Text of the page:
On the slopes of Roccamonfina—a long extinct volcano in Campania, Italy—there are a series of tracks in the rock. For centuries, locals have called them Ciampate del Diavolo—meaning Devil's Footprints in Italian.
Dating back to 350,000 years ago, they have mystified researchers for years. Specifically, who made them? And how?
After all, we're talking about the side of a volcano here! To have left these tracks in igneous (volcanic) rock, these footprints would've had to have been made very soon after an eruption—before the fresh lava had fully cooled into stone. Yikes!
Now a new study claims that whatever species left these tracks, some of them were actually walking back up the mountain after an eruption!
Tracking the tracks
In total, there are about 81 tracks on the slopes of Roccamonfina. Sixty-seven of them appear to go down the mountain side—these are collected into three sets of tracks. But then there are a more recently studied group of 14 tracks that appear to go uphill.
These tracks are the most amazing because they suggest that whomever left them was not trying to flee the recent eruption. They were trying to get closer and check it out!
Why would anyone do that? It sounds like a bad idea at first, until you think of all of the daring things that human explorers do. Perhaps this is just an ancient example of the curiosity that makes humans, well, human!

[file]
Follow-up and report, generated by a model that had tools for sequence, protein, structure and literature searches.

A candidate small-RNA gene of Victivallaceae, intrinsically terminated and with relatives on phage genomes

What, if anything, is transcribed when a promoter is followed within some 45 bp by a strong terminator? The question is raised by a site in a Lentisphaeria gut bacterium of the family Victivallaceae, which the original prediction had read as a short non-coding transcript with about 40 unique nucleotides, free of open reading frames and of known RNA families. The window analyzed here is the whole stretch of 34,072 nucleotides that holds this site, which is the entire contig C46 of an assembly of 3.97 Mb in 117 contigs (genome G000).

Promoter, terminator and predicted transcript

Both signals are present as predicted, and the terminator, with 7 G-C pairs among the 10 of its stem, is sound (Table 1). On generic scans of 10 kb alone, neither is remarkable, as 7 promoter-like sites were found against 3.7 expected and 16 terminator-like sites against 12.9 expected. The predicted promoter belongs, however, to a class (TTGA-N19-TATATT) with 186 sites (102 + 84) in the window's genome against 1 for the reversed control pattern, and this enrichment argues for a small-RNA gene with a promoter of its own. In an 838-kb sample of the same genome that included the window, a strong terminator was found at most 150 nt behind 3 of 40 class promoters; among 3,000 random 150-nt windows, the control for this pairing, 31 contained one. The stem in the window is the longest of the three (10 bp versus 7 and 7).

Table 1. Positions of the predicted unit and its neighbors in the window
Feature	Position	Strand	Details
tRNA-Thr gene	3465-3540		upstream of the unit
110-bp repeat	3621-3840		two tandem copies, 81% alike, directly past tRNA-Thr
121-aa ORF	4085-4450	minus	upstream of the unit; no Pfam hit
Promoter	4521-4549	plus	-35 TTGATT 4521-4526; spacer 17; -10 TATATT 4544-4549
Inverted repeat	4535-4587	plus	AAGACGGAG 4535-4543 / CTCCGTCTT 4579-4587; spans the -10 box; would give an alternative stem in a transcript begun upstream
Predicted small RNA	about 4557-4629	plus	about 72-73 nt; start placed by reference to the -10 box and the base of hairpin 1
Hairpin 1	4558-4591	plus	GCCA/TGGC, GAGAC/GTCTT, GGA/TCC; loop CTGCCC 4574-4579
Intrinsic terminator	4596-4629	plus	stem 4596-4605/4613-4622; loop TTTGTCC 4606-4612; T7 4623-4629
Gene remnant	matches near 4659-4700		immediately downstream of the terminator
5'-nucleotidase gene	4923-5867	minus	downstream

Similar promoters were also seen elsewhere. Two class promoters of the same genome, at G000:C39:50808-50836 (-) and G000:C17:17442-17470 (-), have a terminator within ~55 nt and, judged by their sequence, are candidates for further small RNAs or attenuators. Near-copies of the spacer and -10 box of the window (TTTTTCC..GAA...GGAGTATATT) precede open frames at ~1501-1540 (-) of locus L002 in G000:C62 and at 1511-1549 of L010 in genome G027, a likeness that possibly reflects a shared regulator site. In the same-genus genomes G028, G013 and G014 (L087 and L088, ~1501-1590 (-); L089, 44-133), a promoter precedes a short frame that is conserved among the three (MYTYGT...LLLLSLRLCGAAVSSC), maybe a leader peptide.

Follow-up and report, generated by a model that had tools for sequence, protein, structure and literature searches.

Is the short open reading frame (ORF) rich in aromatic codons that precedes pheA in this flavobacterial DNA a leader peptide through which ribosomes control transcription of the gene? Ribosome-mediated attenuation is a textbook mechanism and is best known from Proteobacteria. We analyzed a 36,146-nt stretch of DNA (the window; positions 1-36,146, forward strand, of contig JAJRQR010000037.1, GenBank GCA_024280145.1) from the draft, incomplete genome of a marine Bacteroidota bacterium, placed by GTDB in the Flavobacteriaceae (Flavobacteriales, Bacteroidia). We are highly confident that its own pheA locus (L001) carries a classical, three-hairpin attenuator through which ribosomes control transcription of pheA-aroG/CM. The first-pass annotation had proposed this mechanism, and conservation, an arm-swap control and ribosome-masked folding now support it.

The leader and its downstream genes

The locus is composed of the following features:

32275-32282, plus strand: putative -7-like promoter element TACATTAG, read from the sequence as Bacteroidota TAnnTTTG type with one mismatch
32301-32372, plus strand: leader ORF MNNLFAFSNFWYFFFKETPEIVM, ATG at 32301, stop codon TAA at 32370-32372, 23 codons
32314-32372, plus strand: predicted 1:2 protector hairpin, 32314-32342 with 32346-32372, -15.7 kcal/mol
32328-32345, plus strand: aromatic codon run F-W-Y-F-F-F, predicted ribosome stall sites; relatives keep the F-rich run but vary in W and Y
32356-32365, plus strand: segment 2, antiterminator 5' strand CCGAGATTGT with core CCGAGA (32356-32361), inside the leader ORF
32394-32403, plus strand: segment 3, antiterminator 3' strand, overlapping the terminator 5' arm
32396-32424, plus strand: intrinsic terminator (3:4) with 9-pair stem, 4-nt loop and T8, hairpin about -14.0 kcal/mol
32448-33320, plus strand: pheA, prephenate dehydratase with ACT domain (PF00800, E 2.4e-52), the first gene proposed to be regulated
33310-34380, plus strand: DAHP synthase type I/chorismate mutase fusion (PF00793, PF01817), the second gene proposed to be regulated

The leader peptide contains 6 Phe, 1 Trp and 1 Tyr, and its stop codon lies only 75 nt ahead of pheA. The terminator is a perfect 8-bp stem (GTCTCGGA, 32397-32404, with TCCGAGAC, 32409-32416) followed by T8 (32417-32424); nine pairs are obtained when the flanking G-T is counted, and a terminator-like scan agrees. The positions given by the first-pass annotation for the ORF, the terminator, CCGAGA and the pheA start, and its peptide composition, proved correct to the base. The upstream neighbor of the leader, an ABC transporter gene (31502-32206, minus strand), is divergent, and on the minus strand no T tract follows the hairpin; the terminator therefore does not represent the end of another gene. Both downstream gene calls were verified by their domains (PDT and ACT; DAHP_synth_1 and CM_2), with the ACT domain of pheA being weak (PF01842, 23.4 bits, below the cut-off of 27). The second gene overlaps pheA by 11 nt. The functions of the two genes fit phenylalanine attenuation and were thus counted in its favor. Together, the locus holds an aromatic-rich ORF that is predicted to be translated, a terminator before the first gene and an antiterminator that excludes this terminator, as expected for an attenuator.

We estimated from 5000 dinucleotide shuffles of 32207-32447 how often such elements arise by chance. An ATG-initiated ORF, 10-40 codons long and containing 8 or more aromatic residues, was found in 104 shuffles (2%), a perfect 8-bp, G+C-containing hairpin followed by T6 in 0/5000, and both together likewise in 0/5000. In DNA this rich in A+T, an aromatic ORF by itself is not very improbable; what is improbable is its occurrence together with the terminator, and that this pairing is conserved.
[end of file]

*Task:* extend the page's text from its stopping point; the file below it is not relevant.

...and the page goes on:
But that brings up another question: Were these tracks actually left by humans?
For starters, these definitely were not Homo sapien tracks. They are simply too old for that. (The earliest Homo sapiens—a.k.a. us!—evolved in Africa around 315,000 years ago.)
But they definitely were left behind by some early human ancestors. Over the years, studies have suggested that they could be Homo heidelbergensis, Denisovan, or Neanderthal. These were all important parts of the evolution that eventually led to modern humans ... and not devils (sorry, diavolos!).
According to the most recent studies, researchers don't feel comfortable pinning the prints to an exact species just yet. And they may never—the tracks are simply too old and too 'rough' to make such a claim. But knowing that the ancestors who made these tracks were climbing a hot volcano still paints a really fascinating picture.
Whoever they were, they were definitely brave!